The predicted protein structure was validated through Ramachandran plot prediction for the amino acid residues in the protein. This was done to verify the number of favorable, allowed and disallowed residues in the predicted protein structure of SOD. Rampage software was used to predict the Ramachandran plot for the submitted protein structure of SOD in PDB format [13].

Generation of 3D structure of Cu(II) complex

The structure of Cu(II) complex obtained through Nuclear magnetic resonance (NMR) and Mass spectrometry (MS) in our previously published work (4) was drawn in silico using Chemdraw (Ver.8.0) software. The chemdraw file was then converted to Mol 2 by addition of 3D coordinates to the 2D structure of Cu(II) complex using OpenBabel software. The obtained 3D structure file of the complex molecule was further refined before molecular docking.

Molecular docking

In silico molecular docking of Cu(II) Complex to SOD of S. aureus was done using Argus lab software to analyze the ability of Cu complex to bind to SOD and inhibit its action and also to find the degree of affinity of Cu complex towards the protein binding site. To analyze this binding site of SOD, screening was done using BSpred, Coach and RaptorX servers to eliminate ambiguity and to obtain high precision in prediction of binding site. After prediction of binding site, the protein structure was loaded in Argus lab software and the binding site was defined. Now, the ligand in Mol 2 format was loaded in Argus lab and the structure was cleaned before docking and hydrogens were added, followed by generation of grid for docking. The docking was performed using Argus lab algorithm with flexible docking parameters [11,12,14-21].


The docked results were visualized using CHIMERA visualization software, where the interactions between complex and protein binding site was visualized by the bonds between interacting atoms in complex and protein [10,14,22-30].

Results and Discussions

Structure validation report

The Ramachandran plot obtained through Rampage software upon analyzing SOD structure obtained through homology modelling using Swiss-model workspace, I-TASSER, CPH model servers showed 95.9% of the amino acid residues in the favored region, 4.1% residues were found to occur in allowed region with 0% of residues in outlier region (Figure 1).


Figure 1: Showing Ramachandran plot for the structure of enzyme SOD, with indications of favored and allowed regions of amino acids of Superoxide Dismutase

Binding site prediction

The binding site prediction by BSpred, Coach and RaptorX servers reported that the amino acids THR 122, LEU 123, PHE 124 and THR 142 form the binding site in SOD of S. aureus (Figure 2).


Figure 2: Showing Superoxide Dismutase enzyme with chain A depicted in blue and chain B depicted in red, with binding pocket depicted with varied color

Molecular Docking

Upon obtaining binding site residues of SOD, the residues which constitute the binding site were selected and assigned as binding site in Argus lab software, cleaning and addition of hydrogens resulted in functional ligand structure of Cu(II) complex (Figure 3).


Figure 3: (a) Showing hydrogens added to structure of Cu(II) complex (b) Showing cleaned structure of Cu(II) complex after addition of hydrogens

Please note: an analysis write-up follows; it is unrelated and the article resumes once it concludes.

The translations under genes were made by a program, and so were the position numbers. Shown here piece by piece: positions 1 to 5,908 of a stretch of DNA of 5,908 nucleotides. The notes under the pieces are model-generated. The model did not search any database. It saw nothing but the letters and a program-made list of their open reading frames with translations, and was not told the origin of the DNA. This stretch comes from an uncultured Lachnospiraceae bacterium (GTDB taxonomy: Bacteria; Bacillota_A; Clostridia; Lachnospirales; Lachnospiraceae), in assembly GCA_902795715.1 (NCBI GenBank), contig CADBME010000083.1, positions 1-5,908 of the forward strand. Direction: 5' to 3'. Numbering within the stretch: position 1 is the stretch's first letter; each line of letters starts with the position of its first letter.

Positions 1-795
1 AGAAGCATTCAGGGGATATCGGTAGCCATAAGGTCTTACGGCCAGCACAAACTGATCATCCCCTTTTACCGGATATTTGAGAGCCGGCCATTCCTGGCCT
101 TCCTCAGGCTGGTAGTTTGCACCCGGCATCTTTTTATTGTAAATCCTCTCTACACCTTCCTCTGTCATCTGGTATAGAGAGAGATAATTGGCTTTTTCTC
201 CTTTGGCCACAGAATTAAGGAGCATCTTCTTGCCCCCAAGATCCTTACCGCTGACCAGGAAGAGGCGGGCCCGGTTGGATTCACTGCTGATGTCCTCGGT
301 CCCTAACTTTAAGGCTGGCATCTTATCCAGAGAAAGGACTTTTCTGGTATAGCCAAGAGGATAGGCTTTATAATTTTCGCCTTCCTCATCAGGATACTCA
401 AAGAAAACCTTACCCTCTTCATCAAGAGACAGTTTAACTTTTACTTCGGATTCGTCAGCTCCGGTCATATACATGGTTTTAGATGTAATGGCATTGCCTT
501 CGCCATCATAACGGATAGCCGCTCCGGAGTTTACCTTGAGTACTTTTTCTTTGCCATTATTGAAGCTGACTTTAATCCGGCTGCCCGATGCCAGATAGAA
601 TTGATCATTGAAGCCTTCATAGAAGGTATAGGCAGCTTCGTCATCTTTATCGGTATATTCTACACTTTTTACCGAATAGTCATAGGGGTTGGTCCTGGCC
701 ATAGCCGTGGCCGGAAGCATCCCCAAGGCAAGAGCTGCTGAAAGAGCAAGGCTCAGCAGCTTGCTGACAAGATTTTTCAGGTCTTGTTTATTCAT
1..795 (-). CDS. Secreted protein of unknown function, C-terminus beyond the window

Molecular docking of Cu(II) complex after grid generation to SOD resulted in 15 best possible docking poses, out of which pose 1 showed least free energy (ΔG) of −7.62 kcal/mol. The Cu(II) complex in pose 1 was found to interact not only with THR 122, LEU 123, PHE 124, THR 142, which form the binding site but also with THR 143, PRO 144, ASN 270, MET 266, ASN 342 residues. Furthermore, the Cu(II) complex binds to the protein SOD at the interphase of chain A and chain B of SOD (Figure 4) with higher interaction than the natural ligands of SOD with lesser free energy, thereby acting as non-competitive inhibitor of SOD.


Figure 4: (a) Showing overview of Cu(II) Complex docked to SOD of Staphylococcus aureus (b) Showing closer view of Cu(II) complex docked to SOD of Staphylococcus aureus with Cu(II) complex depicted in blue at the center


Visualization of Cu(II) complex docked to SOD in chimera showed 10 interactions with 9 amino acid residues of SOD (Figures 5 and 6).


Figure 5: (a) and (b): Showing two different orientations of Cu(II) complex docked to the binding site of SOD along with additional amino acids ASN 342, ASN 270 and MET 266 of chain B which are not integral part of binding site which comprise THR 143, THR 142, PRO 144, Leu 123, THR 122, and PHE 124


Figure 6: (a) Showing hydrophobicity surface of docked site depicted in mesh for Cu(II) complex bound amino acids of S. aureus, with Cu(II) complex at center. (b) Showing hydrophobicity surface of docked site depicted in surface model with Cu complex completely embedded in the core of binding site formed by amino acids THR 143, THR 142, PRO 144, LEU 123, THR 122, PHE 124, ASN 342, ASN 270, and MET 266


In summary, the Cu(II) complex shows high affinity towards SOD binding site, preventing the binding of its natural substrate. It acts as a non-competitive inhibitor of SOD thereby preventing S. aureus from immune evasion. This paves way for effective treatment of sepsis caused by S. aureus.


Authors acknowledge the Head, JSS Academy of Higher Education, Mysuru for computational facilities. C. S. greatly acknowledges the funding support from DST DST-SERB (YSS/2015/001135/LS (Ver-I)).